Clerodane-type diterpenes are secondary metabolites of the terpene class, a class to which the diterpenes of the extracts belong. This class of compounds has been identified as responsible for the activity on C. albicans. Terpenes act on the permeability of fungal cells causing changes in membrane properties and their functions [76,77,78,79], cell morphology, and inhibit the growth of this fungus. Tannins (phenolic substance) are bioactive compounds of C. sylvestris  that inhibited in vitro yeast growth and inactivated the fungal cell membrane by precipitating proteins . These bioactive compounds may be related to the results obtained after treatments of C. albicans with PAC/CE and PRE/SP. In addition, although RIO/RS and SRM/MG showed a statistically significant reduction in the biofilm population of C. albicans, how far this reduction is biologically significant needs to be investigated because of the data high variability. Both RIO/RS and SRM/MG presented predominantly glycosylated flavonoids, suggesting that these phenolic compound act better when in association with diterpene compounds in the extract, as found for PAC/CE and PRE/SP, probably due to an action of some component(s) that increases the stability or bioavailability of the other or increasing its metabolism . Moreover, the lack of effect of extracts on biomass reduction of C. albicans biofilms can be attributed to the morphological difference between the tested microorganisms, since one is a Gram-positive bacterium while the other is a fungus.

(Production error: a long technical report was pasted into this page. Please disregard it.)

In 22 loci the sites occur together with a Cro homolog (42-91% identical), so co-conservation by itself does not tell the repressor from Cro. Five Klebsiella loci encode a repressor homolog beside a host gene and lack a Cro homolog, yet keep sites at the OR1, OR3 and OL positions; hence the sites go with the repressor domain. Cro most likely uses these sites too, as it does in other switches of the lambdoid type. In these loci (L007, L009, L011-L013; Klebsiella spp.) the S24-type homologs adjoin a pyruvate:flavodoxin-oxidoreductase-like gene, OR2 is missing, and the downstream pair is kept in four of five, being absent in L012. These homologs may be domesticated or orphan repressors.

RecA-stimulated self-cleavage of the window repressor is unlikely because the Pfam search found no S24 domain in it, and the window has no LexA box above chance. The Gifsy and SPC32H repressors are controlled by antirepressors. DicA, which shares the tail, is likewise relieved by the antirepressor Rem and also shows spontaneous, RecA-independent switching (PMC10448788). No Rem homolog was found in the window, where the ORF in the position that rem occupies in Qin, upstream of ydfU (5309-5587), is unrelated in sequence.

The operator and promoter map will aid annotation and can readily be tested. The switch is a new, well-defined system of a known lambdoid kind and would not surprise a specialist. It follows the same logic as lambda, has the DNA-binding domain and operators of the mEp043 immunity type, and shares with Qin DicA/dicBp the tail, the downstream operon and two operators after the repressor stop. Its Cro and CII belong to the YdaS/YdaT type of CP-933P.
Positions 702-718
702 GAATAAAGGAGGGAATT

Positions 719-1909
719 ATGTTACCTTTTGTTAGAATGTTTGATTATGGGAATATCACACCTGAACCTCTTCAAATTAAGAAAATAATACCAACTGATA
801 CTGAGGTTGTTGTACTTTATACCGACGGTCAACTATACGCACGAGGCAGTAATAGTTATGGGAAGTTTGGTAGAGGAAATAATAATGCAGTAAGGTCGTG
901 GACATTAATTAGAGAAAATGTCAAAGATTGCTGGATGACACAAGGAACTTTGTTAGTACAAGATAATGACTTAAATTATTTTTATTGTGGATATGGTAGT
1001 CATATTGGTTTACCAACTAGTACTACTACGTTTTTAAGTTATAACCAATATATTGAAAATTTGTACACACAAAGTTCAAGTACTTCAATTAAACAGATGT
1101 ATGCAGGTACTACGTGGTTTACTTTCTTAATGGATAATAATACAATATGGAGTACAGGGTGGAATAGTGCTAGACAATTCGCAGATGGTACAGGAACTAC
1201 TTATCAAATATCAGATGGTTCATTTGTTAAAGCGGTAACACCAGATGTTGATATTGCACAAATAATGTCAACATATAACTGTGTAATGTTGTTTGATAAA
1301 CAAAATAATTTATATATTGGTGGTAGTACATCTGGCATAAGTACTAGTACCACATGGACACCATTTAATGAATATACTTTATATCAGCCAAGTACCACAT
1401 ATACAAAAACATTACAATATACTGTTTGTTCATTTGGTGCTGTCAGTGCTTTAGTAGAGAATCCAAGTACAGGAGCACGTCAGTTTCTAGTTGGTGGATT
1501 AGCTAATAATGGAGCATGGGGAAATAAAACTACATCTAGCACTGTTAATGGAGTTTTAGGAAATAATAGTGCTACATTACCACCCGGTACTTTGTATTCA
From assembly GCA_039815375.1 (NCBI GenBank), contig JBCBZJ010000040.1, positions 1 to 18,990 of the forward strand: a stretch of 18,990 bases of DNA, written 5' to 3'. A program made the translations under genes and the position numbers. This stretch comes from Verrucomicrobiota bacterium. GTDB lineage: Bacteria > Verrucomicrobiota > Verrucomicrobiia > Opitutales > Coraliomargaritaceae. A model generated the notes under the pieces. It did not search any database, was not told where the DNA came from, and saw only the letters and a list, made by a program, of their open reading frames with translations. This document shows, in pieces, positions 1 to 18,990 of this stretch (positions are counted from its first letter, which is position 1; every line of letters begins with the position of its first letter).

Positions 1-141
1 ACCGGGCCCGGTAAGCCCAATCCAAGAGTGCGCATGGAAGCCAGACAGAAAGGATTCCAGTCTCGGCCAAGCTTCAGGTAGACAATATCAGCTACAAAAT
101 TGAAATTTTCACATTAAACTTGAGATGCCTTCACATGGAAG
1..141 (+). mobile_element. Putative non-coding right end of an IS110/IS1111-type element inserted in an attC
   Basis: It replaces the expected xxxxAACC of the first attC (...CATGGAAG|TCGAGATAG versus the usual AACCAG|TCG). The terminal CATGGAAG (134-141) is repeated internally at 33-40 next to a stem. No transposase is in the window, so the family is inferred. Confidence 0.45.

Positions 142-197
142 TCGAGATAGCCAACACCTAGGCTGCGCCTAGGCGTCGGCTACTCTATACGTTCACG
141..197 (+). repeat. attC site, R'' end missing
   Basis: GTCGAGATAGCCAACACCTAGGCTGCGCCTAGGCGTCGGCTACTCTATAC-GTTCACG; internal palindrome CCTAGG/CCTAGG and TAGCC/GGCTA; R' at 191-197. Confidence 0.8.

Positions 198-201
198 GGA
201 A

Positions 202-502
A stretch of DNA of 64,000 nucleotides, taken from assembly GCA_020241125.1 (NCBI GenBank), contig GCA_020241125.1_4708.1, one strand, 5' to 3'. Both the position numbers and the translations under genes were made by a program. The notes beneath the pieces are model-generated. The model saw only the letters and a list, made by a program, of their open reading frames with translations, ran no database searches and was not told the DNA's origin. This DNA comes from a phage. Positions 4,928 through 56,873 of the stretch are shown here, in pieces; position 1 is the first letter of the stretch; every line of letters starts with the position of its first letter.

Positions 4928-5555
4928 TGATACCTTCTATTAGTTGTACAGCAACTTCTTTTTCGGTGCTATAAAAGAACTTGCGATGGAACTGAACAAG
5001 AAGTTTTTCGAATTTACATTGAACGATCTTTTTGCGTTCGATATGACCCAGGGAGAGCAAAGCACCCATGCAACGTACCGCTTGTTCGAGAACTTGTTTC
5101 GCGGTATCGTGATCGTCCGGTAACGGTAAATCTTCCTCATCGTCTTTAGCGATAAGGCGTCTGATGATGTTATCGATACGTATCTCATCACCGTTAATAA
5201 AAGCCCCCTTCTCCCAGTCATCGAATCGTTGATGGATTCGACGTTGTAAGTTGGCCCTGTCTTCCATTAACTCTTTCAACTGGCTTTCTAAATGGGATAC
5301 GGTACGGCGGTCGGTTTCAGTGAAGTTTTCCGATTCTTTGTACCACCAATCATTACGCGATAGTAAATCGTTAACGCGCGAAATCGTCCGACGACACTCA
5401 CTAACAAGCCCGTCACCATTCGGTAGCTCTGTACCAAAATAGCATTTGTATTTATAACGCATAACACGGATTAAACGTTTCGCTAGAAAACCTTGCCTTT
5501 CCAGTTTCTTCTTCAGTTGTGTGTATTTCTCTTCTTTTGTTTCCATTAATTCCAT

Here, extracts of C. sylvestris were more active against S. mutans compared to the effects against C. albicans, both in antimicrobial and antibiofilm analyses. C. albicans has several virulence factors, such as polymorphism [influenced by quorum sensing signaling molecules tyrosol, a phenylethanoid (yeast to hyphae) and farnesol, a sesquiterpene (hyphae to yeast)], biofilm formation (presence of extracellular matrix), and control of nutrient competition [83, 84]. These are the main factors associated with resistance and drug tolerance and may cause a less pronounced effect of the extracts for this microorganism. In addition, the biomass of C. albicans after the treatments showed high variability and this behavior was not reported in previous studies, but it could be related both to the virulence factors of the microorganism and to the variability of the antifungal activity within the same extract .
The extracts PRE/SP, GUA/CE, MOG/SP, SRM/MG, ARA/SP, and V control inhibited about 25% of cell viability, thus, exerting slight cytotoxicity to the oral keratinocytes. However, two extracts caused moderate cytotoxicity (PAC/CE and FLO/SC). Nevertheless, because all extract treatments and V caused cell death, the cytotoxic effect observed is mostly associated with the concentration of ethanol and DMSO used in the vehicle. Therefore, the reduction of the concentration of ethanol and DMSO should be considered for further studies. Furthermore, the two treatments that were moderately cytotoxic (PAC/CE and FLO/SC) could have antimicrobial and antibiofilm activities because of the toxicity observed in the cytotoxicity assay. Also, the methodology of MTT has its limitations , because the oral mucosa is a tissue with three-dimensional organization and not monolayer cells, and therefore toxicity studies should be performed using in vivo models and even more than one assay should be used to determine cell viability in vitro studies, as this would increase the reliability of the results obtained. Moreover, a reduction in the cytotoxicity of these extracts could be achieved by isolating the active fraction from the crude extract, which should be better evaluated, and/or decreasing the concentration of EtOH and DMSO in the vehicle.